Similarly, the 10 million jobs in transportation and wholesale distribution in September 2012 had changed hardly a tad from June 2009. Finally, the other heavy-duty category of breadwinner jobs—that is, government employment (outside of education) where average compensation exceeds $65,000 annually—had actually gone south. The 11 million of these high-paying jobs on the eve of the 2012 election had shrunk by more than 4 percent since the recession ended in June 2009.

In short, after forty months of “recovery” there was virtually no change in every category of breadwinner jobs that had been slammed by the Great Recession.


These data are extremely important. They belie the sunny paint-by-numbers jobs picture peddled by the Fed to distract the public from the fact that monetary policy is all about fueling the speculative urges of Wall Street, not the economic health of Main Street. This obfuscation is especially true with respect to the aforementioned headline gain of 3 million jobs. Never told is the fact that the majority of these, as indicated above, were part-time jobs in bars, restaurants, retail emporiums, and temporary employment agencies.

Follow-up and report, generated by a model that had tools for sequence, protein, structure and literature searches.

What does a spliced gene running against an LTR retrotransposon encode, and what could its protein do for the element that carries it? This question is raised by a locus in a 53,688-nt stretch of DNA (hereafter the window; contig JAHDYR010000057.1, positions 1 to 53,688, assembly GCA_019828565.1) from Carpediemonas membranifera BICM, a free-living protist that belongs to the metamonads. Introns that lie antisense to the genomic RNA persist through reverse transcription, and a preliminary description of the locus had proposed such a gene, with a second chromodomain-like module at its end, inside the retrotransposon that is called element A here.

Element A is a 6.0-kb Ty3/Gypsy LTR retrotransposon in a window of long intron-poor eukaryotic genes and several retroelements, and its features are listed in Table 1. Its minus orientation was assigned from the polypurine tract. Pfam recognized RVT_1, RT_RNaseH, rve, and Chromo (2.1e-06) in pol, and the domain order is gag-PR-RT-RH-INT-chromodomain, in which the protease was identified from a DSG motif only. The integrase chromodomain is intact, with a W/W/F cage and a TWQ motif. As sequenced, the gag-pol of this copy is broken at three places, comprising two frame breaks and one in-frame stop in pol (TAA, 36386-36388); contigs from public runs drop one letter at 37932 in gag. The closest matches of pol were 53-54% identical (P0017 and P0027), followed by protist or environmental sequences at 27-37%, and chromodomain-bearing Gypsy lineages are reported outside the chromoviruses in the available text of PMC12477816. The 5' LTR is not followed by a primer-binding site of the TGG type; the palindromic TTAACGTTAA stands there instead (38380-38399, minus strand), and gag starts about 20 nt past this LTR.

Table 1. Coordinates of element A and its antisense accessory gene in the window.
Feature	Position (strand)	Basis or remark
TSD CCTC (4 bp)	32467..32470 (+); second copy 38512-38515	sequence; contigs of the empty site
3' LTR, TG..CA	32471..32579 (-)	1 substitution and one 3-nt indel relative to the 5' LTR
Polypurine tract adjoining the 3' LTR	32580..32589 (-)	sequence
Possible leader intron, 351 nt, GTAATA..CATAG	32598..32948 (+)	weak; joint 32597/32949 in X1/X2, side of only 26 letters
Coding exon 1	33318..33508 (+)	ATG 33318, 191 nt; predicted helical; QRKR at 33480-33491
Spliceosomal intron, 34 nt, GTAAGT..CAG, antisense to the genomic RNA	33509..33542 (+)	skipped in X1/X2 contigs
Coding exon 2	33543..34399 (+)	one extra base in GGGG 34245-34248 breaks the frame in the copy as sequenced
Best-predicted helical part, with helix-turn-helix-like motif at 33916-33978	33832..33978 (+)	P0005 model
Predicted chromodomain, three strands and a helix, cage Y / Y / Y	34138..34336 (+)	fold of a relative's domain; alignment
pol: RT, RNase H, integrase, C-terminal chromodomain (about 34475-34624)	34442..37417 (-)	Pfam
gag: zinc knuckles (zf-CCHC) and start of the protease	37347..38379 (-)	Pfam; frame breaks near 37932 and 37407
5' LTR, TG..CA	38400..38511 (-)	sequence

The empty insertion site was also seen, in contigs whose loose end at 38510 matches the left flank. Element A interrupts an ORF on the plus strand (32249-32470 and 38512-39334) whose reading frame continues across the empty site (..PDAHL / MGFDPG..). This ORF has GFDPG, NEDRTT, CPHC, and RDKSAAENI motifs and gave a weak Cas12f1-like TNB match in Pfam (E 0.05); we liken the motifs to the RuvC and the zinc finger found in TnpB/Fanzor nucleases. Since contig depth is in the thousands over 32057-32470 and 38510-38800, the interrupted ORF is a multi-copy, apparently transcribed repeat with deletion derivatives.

That fully 55 percent of the rebound has been in low-paying, part-time jobs not only illuminates the phony nature of the Fed’s so-called recovery, but it also comes with a news flash; namely, every one of these 1.6 million new part-time “jobs” had already been “created” once before. During the second Greenspan bubble the part-time job count had risen from 34.7 million in early 2000 to 37.2 million in December 2007. In still another episode of Charlie Brown and Lucy, however, the football had been moved backward during the Great Recession. By June 2009, in fact, the part-time job count had tumbled all the way back to its turn of the century starting point at 34.7 million.